legal plans Assisting a person with dementia in planning for the future
Plan for the future While it's important for everyone to plan for the future, legal plans are especially vital for a person diagnosed with dementia. The sooner planning begins, the more likely it is that the person with dementia will be able to participate. Legal planning includes:
â€ş Planning for health care and long-term care. â€ş Making arrangements for finances and property. â€ş Naming another person to make decisions on behalf of the person with dementia.
This brochure contains only general information and is not meant to be legal advice. Laws vary by state and are constantly changing. As a result, we make no warranty or guarantee of the accuracy or reliability of the information contained herein. You should consult a lawyer before acting on any information contained herein for advice specific to your situation.
The Alzheimer's Association strongly advises starting legal plans as soon as possible. Inside, you'll find the basics on: 速
1 Legal capacity.................................................. p.3 2 Legal documents............................................. p.4 3 How to find a lawyer...................................... p.8 4 Meeting with your lawyer............................. p.9 6 Terms your lawyer may use.......................... p.11
1. legal capacity In most cases, if a person with dementia is able to understand the meaning and importance of a given legal document, he or she likely has the legal capacity (the ability to understand and appreciate the consequences of his or her actions) to execute (to carry out by signing it). As long as the person with dementia has legal capacity, he or she should take part in legal planning. A lawyer can help determine what level of legal capacity is required for a person to sign a particular document, as it can vary from one document to another. Before a person with dementia signs a legal document: Talk with the person Find out if the person with dementia understands the document and the consequences of signing it. Make sure there is an understanding of what is being explained and what is being asked to do. Ask for medical advice If you have concerns about the person's ability to understand, a doctor may be able to help determine the level of his or her mental capacity. Take inventory of existing legal documents Verify whether living wills, trusts and powers of attorney were signed before the person was diagnosed. The person may no longer remember having completed them. Even if legal documents were completed in the past, it is important to review them for necessary corrections and/or updates.
2. legal documents Living will A living will is a document that expresses how a physically or mentally incapacitated person wishes to be treated in certain medical situations. In a living will, the person with dementia may state, among other things, his or her wishes regarding artificial life support. A living will generally comes into play once a doctor decides that a person is incapacitated and unable to communicate his or her desires regarding life-sustaining treatment. Some states may require a particular form for a living will or it may be drafted by the person's attorney.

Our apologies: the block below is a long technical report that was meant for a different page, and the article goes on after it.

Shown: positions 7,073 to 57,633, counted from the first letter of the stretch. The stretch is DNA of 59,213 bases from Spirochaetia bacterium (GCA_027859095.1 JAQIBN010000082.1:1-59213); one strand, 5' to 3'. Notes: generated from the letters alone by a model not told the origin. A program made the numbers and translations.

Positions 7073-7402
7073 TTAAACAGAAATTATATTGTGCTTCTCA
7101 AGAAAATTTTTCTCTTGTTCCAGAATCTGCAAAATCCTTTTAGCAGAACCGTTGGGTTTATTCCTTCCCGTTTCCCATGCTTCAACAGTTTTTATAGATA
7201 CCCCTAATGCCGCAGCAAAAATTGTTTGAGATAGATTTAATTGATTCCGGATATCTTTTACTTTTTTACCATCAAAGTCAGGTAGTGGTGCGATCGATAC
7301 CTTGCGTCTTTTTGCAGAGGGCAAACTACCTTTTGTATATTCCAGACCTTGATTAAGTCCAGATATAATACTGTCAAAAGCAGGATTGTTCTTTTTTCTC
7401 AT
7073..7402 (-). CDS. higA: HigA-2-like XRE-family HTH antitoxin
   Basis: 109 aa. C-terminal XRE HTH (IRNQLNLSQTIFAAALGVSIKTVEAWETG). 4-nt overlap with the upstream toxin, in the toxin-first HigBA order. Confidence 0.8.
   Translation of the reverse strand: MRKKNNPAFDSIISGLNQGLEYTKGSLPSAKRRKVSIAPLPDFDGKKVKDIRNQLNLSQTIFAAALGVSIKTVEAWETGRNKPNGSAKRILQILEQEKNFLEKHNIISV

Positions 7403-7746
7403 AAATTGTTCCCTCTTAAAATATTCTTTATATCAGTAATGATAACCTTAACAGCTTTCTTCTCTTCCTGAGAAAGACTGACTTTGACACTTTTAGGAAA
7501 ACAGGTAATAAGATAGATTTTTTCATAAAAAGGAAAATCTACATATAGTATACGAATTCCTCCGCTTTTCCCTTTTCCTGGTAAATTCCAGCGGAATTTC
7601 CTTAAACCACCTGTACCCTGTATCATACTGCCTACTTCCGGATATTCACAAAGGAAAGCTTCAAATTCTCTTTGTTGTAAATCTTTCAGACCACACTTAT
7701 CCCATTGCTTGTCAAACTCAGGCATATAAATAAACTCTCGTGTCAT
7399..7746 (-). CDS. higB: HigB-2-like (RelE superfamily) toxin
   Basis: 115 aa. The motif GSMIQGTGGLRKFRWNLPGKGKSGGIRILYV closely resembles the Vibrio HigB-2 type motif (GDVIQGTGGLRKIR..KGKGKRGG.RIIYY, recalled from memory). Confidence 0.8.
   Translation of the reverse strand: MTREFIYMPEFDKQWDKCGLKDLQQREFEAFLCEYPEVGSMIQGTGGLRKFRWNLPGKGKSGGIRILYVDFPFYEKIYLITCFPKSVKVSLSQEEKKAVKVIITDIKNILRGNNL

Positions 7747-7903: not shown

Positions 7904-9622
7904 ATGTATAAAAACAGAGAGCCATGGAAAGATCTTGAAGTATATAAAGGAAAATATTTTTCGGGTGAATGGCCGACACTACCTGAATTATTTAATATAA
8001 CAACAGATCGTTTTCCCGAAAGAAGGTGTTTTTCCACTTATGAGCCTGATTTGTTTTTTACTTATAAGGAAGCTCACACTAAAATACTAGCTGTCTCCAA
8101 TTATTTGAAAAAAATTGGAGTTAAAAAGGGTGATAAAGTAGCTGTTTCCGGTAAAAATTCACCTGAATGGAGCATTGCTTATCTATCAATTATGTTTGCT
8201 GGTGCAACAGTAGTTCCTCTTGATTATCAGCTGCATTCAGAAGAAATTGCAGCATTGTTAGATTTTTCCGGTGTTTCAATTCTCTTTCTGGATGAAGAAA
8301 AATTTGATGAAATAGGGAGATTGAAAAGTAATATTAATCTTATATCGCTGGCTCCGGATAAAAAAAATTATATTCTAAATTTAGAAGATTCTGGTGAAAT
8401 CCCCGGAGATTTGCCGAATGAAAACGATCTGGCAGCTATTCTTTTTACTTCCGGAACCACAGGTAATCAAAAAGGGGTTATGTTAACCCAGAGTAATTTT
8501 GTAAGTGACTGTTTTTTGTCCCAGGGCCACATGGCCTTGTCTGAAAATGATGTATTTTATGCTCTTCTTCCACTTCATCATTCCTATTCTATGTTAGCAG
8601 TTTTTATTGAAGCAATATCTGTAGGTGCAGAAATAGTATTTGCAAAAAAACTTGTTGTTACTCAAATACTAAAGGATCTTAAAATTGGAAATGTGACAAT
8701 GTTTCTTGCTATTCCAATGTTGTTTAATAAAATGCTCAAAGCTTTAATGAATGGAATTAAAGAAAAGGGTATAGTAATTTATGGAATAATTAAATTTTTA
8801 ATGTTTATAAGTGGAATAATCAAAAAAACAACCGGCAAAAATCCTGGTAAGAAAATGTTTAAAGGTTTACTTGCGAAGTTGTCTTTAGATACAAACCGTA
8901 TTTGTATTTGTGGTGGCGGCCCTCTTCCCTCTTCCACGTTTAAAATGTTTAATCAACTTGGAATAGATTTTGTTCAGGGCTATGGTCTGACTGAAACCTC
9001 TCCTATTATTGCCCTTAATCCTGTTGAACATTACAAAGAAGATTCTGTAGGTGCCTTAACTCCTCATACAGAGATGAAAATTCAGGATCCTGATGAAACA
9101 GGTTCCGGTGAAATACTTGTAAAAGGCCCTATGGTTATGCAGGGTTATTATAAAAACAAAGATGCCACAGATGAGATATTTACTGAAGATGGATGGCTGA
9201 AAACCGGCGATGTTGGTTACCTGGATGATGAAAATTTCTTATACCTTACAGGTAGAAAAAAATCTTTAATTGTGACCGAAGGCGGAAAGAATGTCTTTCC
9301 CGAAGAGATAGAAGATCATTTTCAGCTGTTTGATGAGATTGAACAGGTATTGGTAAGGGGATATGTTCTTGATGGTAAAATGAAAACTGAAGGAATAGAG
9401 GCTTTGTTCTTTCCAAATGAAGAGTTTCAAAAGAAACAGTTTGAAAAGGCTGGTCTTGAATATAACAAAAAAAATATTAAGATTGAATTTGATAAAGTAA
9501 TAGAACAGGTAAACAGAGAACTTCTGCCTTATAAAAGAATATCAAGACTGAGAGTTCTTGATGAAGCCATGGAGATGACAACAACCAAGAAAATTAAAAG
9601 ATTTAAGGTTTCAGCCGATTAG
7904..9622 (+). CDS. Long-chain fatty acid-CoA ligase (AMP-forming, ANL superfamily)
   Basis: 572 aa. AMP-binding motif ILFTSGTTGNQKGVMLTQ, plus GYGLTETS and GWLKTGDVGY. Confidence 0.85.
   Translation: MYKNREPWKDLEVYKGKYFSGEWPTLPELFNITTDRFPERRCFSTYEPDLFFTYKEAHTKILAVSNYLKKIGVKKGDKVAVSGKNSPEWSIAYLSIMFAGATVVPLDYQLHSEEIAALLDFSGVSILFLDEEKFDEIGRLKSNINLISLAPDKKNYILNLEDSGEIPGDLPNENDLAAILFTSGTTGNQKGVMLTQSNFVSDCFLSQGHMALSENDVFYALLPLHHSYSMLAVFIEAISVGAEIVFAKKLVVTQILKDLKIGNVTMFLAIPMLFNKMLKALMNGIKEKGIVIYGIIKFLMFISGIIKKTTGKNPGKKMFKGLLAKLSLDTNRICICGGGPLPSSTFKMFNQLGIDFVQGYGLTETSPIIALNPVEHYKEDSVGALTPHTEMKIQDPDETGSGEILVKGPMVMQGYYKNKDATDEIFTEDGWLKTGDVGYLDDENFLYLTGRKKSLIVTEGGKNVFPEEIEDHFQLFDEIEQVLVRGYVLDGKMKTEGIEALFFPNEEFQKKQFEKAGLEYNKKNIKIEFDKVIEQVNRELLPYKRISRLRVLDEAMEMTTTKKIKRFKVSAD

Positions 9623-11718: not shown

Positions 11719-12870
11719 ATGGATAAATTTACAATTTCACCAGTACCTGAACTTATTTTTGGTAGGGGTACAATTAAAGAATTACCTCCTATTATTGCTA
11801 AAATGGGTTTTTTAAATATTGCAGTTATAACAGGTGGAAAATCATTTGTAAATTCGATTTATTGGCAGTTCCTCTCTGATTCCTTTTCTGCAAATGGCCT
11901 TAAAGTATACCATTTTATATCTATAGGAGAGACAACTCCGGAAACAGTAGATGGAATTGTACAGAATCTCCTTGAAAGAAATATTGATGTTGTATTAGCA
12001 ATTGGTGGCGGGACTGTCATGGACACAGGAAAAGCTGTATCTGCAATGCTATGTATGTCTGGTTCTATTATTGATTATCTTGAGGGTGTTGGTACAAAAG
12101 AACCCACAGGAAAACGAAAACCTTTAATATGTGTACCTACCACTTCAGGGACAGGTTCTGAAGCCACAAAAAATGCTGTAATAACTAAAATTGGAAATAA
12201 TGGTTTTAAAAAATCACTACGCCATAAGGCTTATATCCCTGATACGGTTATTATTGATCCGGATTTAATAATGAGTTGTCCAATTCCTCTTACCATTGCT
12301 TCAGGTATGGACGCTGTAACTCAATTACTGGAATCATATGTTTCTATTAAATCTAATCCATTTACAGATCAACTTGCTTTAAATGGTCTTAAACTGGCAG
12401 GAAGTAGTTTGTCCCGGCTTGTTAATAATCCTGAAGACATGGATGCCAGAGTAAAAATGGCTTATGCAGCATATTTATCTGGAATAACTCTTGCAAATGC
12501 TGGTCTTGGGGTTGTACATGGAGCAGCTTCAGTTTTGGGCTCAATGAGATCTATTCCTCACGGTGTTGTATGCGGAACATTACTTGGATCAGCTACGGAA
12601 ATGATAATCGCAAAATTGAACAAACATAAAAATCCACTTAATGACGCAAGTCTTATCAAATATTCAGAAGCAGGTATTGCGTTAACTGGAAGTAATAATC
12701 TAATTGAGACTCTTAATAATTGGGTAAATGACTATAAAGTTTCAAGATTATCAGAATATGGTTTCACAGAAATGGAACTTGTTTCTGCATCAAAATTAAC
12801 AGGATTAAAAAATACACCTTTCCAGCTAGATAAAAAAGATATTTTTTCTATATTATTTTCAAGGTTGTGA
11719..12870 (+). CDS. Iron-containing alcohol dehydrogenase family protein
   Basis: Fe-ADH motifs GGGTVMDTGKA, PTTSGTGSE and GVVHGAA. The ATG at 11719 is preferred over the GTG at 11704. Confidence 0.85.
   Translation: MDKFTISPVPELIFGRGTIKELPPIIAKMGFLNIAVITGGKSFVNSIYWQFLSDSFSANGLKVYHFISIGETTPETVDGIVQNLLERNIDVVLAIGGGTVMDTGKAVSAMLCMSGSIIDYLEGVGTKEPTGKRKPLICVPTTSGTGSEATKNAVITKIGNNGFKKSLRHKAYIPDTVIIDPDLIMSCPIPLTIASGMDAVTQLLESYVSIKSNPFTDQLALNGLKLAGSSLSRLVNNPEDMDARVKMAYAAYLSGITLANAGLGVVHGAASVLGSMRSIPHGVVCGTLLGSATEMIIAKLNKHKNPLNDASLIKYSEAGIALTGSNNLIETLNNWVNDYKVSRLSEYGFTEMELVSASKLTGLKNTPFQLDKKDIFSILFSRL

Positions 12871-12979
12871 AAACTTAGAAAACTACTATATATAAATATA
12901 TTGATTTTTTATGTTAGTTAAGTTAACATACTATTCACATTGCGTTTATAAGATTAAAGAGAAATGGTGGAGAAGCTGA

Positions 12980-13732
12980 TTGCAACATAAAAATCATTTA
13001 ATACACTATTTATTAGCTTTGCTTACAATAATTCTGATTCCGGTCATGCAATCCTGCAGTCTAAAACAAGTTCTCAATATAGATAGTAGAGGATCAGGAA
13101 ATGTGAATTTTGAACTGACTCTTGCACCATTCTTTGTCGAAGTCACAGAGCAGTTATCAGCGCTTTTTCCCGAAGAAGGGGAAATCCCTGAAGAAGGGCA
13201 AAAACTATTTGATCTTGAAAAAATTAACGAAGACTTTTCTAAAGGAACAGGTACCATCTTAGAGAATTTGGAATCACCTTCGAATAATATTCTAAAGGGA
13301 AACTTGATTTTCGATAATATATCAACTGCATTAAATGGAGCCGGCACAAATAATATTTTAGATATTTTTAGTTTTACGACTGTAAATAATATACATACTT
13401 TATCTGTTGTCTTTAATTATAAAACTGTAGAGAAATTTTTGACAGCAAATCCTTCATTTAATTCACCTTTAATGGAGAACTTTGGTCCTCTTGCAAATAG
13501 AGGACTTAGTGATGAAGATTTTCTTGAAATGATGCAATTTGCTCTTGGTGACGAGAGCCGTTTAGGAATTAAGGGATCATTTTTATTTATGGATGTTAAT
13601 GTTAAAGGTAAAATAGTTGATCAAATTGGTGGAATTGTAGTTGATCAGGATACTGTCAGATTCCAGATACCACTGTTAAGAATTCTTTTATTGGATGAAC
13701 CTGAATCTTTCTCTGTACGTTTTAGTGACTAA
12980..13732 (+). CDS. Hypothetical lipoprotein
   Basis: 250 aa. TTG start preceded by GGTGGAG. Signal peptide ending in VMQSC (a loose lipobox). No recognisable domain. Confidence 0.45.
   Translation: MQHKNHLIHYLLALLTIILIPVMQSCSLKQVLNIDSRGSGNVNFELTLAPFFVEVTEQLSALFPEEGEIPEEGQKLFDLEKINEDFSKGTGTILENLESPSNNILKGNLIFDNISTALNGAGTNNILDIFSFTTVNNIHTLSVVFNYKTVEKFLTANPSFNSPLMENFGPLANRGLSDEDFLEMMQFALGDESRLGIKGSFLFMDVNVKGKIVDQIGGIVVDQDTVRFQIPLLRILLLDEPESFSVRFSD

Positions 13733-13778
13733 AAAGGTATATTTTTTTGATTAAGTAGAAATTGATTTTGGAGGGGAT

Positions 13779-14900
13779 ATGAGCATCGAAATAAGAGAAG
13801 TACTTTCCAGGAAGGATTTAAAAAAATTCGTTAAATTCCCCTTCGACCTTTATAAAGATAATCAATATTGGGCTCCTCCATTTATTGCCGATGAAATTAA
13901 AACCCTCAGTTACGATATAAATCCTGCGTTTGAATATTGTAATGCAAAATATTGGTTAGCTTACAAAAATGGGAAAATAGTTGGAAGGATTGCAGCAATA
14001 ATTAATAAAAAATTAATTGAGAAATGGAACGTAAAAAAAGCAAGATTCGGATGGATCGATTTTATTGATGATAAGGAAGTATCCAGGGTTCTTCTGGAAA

Traveling tip If a person with dementia travels outside of his or her state, it's a good idea to check the local laws to find out whether legal documents will be recognized in that state.
Power of attorney The power of attorney document allows a person with dementia (called the principal) to name another individual (called an attorney-in-fact or agent), usually a spouse, domestic partner, trusted family member or friend, to make financial and other decisions when her or she is no longer able. The agent should be chosen carefully. It is recommended that this individual have a thorough conversation with the principal about what the responsibility entails. In addition, a successor agent or agents should be named in the event the original agent is unavailable or unwilling to serve. Power of attorney documents should be written so that they are “durable,” meaning that they are valid even after the principal is incapacitated and can no longer make decisions for him- or herself. Power of attorney does not give the appointed person (agent) the authority to override the decision making of the person with dementia (principal). The person with dementia maintains the right to make his or her own decisions — as long as he or she has legal capacity — even if the decisions are not what others believe are good decisions. Once a person with dementia is no longer able to make decisions, the agent is authorized to manage and make decisions about the income and assets of the principal. This agent is responsible for acting according to the person's wishes and in his or her best interest. Power of attorney for health care A power of attorney for health care allows a person with dementia to name a health care agent to make health care decisions on his or her behalf when he or she is incapable of doing so. These decisions include choosing:
› Doctors and other health care providers. › Types of treatments. › Care facilities.
For a person in the later stages of dementia, the health care agent may also make end-of-life decisions, such as providing nutrition through a feeding tube or giving "do not resuscitate" (DNR) instructions to health care providers. These decisions can be difficult for families to make when the time comes. Help avoid family disagreements and distress by having open and candid conversations early on so everyone is aware of the person with dementia's end-of-life plans.